I perked up at bit last night during Brett Kavanaugh’s remarks at the White House when he said, “I am part of the vibrant Catholic community in DC.” This may have been a deliberate shout out to the social conservatives who are disappointed that the nomination didn’t go to Amy Coney Barrett, whom Sen. Dianne Feinstein slurred with her infamous comment that “The dogma lives loudly with in you.”
But maybe this comment was also Feinstein bait? In any case, we can expect Feinstein to reprise her role as an inquisitor in the Judiciary Committee hearings for Kavanaugh for the simple reason that she faces a serious challenge from her left in the November election from State Senator Kevin de Leon, who finished second in California’s “jungle primary” last month. De Leon is young and charismatic, and enjoys the enthusiastic support of the Bernie Bros and other surging leftist parts of the Democratic coalition in California. Feinstein, at age 85, is hardly a fresh face for Democrats, and has long been the moderate California Democrat in the Senate. It is not at all unthinkable that de Leon could beat her, so she will be wanting to shore up her left flank this fall. Kavanaugh’s invocation of his Catholic ties might be a way of saying, “Bring it on!” Kavanaugh’s dogma won’t get run over by Feinstein’s bad karma.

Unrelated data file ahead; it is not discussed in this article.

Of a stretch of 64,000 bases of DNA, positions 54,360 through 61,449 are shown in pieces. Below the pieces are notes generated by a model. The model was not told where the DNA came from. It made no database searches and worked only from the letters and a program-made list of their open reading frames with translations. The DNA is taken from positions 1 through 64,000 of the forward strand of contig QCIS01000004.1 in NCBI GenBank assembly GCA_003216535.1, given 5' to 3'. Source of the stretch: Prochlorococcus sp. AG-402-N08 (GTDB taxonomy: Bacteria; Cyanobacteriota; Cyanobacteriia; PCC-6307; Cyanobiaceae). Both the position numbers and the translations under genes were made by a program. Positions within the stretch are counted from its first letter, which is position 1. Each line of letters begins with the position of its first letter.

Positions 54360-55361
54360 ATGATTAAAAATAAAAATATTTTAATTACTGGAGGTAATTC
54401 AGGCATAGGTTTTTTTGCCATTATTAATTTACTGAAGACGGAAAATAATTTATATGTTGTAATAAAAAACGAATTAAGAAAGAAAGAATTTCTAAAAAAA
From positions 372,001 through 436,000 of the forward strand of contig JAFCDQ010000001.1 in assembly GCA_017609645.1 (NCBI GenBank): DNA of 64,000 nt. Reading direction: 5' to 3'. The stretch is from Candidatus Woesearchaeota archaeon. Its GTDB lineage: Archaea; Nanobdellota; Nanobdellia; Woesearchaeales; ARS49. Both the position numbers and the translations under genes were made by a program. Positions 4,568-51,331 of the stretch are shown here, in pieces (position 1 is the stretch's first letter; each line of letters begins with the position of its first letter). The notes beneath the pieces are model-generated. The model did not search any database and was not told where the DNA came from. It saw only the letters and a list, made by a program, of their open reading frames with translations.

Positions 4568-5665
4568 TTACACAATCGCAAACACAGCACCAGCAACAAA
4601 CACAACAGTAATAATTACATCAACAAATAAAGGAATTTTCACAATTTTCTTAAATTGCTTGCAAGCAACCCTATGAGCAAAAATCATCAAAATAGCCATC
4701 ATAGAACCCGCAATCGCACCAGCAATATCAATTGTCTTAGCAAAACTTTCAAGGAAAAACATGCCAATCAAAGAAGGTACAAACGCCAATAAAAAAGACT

Meanwhile, who is de Leon? Good question. The Sacramento Bee looked into his background back in 2014, with some curious results:
By Christopher Cadelago
The name on his birth certificate isn’t Kevin de León.
That’s how the Los Angeles Democrat identified himself more than two years ago when he was sworn in as the 47th president pro tem of the California Senate, the first Latino to hold the position in more than a century. On his birth certificate and voter rolls, however, the 50-year-old politician is Kevin Alexander Leon.
While he’s spent more than a decade climbing the ranks of California politics, rising to become state government’s second-most influential elected official, how KAL became KDL, as he’s known at the Capitol, is a tale he’s resisted telling the public. When he discussed his upbringing, he offered a simple account of growing up with a single mom who came to the U.S. from Mexico. . .
Adding two letters “was never a stretch,” de León said, because ‘de’ means ‘of’ in Spanish. Though he’s used the name – with an accent – for the last 30 years, de León never changed it on legal documents.“Everything that I sign is ‘de León.’ (It) always will be de León,” he said.
Sounds like we have another Gary Hartpence on our hands.